Banerji and Aikman, JJ.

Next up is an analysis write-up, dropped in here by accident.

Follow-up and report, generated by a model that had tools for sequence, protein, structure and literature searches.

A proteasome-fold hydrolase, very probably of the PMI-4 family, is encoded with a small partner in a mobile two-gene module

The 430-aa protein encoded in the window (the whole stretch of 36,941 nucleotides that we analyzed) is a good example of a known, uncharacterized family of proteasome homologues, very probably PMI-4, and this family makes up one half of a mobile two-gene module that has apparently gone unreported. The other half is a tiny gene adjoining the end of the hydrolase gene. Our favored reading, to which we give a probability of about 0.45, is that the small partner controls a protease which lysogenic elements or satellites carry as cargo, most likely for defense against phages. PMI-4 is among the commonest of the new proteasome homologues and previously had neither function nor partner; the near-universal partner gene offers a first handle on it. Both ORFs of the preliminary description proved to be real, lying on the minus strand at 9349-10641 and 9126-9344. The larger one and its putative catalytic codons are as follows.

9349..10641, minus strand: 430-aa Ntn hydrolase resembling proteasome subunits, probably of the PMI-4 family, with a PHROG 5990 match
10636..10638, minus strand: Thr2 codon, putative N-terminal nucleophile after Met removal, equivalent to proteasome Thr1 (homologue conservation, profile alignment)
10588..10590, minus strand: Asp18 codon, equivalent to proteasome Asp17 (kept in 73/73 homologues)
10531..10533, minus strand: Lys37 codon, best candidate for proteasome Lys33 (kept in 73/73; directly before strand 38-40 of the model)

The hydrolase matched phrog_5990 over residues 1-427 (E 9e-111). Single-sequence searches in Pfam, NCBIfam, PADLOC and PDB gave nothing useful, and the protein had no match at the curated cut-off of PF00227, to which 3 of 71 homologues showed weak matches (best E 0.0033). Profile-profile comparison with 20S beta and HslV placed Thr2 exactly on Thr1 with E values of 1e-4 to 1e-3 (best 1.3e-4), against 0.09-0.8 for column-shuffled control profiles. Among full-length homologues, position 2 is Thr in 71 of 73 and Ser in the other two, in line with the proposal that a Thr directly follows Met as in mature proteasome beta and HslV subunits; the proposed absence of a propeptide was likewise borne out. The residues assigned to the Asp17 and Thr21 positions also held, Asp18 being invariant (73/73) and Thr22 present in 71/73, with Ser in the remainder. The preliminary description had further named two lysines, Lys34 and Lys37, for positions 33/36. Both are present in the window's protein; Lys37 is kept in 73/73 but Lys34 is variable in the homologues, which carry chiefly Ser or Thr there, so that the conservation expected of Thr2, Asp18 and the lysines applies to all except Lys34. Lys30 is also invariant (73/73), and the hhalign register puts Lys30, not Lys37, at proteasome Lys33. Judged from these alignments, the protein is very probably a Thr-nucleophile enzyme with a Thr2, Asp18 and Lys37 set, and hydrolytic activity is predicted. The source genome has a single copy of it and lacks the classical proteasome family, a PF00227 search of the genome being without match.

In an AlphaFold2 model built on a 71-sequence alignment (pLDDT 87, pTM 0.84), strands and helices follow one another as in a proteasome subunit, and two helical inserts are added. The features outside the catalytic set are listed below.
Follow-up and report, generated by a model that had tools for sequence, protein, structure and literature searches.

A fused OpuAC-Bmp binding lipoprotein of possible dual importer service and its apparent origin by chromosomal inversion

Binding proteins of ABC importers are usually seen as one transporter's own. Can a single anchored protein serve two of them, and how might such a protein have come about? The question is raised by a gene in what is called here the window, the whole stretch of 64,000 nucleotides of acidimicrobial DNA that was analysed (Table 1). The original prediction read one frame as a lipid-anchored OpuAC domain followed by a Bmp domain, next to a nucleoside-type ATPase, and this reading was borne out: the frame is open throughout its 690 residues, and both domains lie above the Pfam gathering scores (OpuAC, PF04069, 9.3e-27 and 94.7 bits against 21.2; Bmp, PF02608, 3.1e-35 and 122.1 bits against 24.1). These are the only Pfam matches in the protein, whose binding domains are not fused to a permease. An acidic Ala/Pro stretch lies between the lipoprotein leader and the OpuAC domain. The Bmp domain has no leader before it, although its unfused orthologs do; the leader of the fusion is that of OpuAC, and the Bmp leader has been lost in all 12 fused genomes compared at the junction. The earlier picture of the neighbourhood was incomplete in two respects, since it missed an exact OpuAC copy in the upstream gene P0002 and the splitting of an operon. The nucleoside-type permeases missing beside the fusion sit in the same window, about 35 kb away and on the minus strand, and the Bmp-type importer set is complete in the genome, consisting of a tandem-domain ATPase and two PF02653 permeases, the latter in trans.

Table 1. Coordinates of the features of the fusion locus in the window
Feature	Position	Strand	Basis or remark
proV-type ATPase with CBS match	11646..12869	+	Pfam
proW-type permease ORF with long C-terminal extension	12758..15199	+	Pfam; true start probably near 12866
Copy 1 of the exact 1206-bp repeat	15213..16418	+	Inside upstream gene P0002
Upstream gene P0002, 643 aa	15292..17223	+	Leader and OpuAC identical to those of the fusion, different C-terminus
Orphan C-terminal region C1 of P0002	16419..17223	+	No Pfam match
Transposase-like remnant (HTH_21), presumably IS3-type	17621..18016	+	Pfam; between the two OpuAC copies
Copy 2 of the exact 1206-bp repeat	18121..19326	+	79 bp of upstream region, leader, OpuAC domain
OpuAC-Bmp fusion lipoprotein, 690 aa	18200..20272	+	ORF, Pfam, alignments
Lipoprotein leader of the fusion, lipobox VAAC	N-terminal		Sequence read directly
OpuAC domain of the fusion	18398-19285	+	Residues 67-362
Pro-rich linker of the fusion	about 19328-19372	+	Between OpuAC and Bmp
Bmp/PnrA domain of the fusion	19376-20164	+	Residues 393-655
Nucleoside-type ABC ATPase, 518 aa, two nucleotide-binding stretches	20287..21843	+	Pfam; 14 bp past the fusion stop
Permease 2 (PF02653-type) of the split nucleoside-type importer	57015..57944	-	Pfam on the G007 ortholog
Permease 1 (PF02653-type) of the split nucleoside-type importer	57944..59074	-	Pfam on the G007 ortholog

1. The plaintiffs, who are the five sons of one Rajit Pande, brought the suit which has given rise to this appeal to have a sale-deed executed by Rajit Pande in favour of the appellants set aside, on the ground that the property told is joint ancestral property in which the plaintiffs have a share and that their father Rajit Pande was not competent to sell it. They also alleged other grounds in their plaint, such as insanity and want of consideration, but these were abandoned at the hearing in, the Court of first instance It is admitted that the property in question was inherited by Rajit Pande from his maternal grandfather Acharaj Upadhya. The widow of Acharaj inherited the property from her husband and after her Rajit Pande inherited it. It was contended on behalf of the defendants appellants that as the property was inherited by Rajit from his maternal grandfather, the plaintiffs acquired no interest in it and that they are not entitled to question the sale made by their father. The Court of first instance decreed the claim in respect of five sixths of the property, subject to the payment of a sum of Rs. 197, which it held to be an antecedent debt which had been properly discharged out of the consideration for the sale. This decree of the Court of first instance has been confirmed by the lower appellate Court.